Author Jon Katz knows a great deal about dogs. His upstate New York Bedlam Farm houses a random number of sheep, goats, chickens, a rooster, a mother cat, a humongous steer, and, of course, at least three dogs. In SOUL OF A DOG, he analyzes the possibility that animals possess souls. Backed by 10 years of close communion with his animals, he doggedly researches the idea. Multiple vignettes explore the personalities, idiosyncrasies and lovable characters of his animal companions.
Each chapter of SOUL OF A DOG begins with a quote from a philosopher, theologian, writer, or Biblical passage. Especially fitting is his prologue quote, from Ambrose Bierce in THE DEVIL’S DICTIONARY: “Dog, n. a subsidiary Deity designed to catch the overflow and surplus of the world’s worship.” This chapter opens with a tale of Katz’s border collie, Rose, working to corral a feisty goose, an African Grey weighing nearly 40 pounds. Obnoxious, the goose flaps, squawks and flutters, keeping Rose at bay. Having given up, he is shocked to see Rose finally lugging the goose out of a swamp, through the woods and into submission. Rose lives for work, is heroic, determined and gives her life in service to her master. She embodies the spirit of an animal who, in companionship, gives the closest asset she possesses. Katz believes her worthy of consideration when it comes to having a soul.
Throughout the book, Katz refers to the great thinker Aristotle, who believed that humans are distinct from all other forms of life in that they have a moral and ethical capacity. They can reason between right and wrong behavior. Animals cannot, thus leaving them behind in the possession of soul. But Katz strives to find, in his animal relationships, a glimmer of hope that they can be humanlike. In 12 chapters, SOUL OF A DOG explores the personalities of numerous farm animals.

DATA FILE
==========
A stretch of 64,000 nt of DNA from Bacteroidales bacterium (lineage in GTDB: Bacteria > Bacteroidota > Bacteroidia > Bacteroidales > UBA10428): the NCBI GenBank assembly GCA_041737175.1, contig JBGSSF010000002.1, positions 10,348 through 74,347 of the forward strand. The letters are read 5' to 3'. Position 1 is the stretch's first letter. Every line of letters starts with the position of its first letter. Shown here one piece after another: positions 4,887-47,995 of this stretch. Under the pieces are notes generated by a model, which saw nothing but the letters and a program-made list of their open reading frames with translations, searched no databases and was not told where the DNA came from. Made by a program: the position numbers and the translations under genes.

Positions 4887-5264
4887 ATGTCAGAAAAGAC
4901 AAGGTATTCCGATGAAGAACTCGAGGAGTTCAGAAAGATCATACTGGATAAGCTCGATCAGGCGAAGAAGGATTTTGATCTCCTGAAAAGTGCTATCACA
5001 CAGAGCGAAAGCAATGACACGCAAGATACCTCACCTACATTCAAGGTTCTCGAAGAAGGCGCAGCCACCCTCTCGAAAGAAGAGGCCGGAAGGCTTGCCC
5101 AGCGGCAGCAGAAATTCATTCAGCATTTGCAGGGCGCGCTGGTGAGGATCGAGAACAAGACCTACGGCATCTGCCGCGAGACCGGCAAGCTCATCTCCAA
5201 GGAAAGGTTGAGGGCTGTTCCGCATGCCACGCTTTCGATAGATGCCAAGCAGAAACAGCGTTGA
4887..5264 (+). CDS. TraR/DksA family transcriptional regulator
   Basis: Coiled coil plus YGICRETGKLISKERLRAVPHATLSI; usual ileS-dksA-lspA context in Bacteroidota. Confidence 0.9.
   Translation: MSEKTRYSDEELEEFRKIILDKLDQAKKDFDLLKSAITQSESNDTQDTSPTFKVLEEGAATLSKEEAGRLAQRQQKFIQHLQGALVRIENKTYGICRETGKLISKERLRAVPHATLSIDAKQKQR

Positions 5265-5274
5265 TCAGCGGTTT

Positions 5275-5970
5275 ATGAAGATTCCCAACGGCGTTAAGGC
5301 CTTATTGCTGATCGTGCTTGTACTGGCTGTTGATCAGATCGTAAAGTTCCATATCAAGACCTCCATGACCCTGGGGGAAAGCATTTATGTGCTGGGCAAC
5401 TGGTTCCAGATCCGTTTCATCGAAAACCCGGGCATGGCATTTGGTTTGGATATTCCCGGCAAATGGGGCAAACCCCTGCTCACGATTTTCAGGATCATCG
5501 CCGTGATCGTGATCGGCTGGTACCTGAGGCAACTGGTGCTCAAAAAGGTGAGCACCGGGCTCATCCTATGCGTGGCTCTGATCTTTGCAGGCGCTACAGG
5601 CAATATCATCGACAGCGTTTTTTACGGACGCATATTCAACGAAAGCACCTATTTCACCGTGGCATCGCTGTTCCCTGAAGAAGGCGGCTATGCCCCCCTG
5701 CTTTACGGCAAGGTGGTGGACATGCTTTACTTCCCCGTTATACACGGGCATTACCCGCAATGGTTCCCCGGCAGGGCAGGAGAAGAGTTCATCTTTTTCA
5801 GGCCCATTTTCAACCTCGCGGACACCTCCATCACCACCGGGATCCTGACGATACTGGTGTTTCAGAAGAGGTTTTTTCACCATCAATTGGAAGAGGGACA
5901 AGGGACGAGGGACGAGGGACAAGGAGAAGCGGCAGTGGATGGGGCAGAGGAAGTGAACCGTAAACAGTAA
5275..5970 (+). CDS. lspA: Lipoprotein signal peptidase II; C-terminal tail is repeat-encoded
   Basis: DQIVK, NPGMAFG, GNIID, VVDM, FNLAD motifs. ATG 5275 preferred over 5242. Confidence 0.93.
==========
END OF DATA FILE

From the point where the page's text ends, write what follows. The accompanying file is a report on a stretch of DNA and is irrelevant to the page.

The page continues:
Elvis, the 2,000-pound Brown Swiss steer, escapes the slaughterhouse when his former owner sells him to Katz. The giant bumbling steer has connived to win Katz’s affection, becoming a sociable pal to earn Snickers candy bars, his favorite treat. Katz wonders if Elvis’s wants may tangle with his needs. Was Katz catering to him out of self-gratification?
Headed by a quote from Jean Houston, the chapter about Brutus and Lenore is both heartwarming and puzzling. One day, while herding the sheep with Rose, Lenore follows along. She’s an 11-month-old Labrador retriever who shows affections to all others, both man and beast. Today, she coddles a large ram named Brutus, who has no inclination to befriend a dog. He lowers his head as if to butt her, but Lenore drops into a submissive position. When his head draws near her, she licks his nose. That slobbery lick is the beginning of a continuing interspecies relationship, albeit a strange one. Lenore’s slurping act seems to bother Rose, the no-nonsense working dog. The order in the pasture that she maintained has been compromised. Observing them, Katz notes that Lenore seeks reward for her loving nature, but Rose has no need for such. He writes, “Each dog responds to what’s innate in them, and also to what I ask of them. Rose works for me and Lenore loves me. That’s where our souls converge.”
In Chapter 10, titled “LuLu Goes to Hell,” Katz tackles the verse in Genesis declaring that God made man in his image, with dominion over the lesser beings. His friend, clergyman Henry Whitfield, arrives at Bedlam Farm and listens to Katz’s concerns about the spirituality of his animals. Joking when a loving Izzy snuggles for a pat, Katz asks, “He’s going to heaven, isn’t he?” When the clergyman nods an emphatic “no,” the discussion is on. Whitfield contends that because animals cannot accept Jesus, they are not like humans. Thus, they cannot enter heaven, despite what loving owners would wish to believe. Further talk delves into the parable of the lost sheep in the Bible. It seems that people are the flock of reference in the passage. In this enlightening chapter, Katz quotes other philosophers and resolves that animals deserve mercy and will give evidence against their humans at the last judgment. Interesting thoughts.
SOUL OF A DOG is filled with warm anecdotes of adventure, industry, service and unconditional love. The reader’s task will be to sift through the evidence Katz presents about the possibilities of soulful animals. Definitions of such theories are subjective but can be influenced by objectivity. Katz invites us to experience life with animals on a deeply personal level. This is a delightful read.
Reviewed by Judy Gigstad on January 23, 2011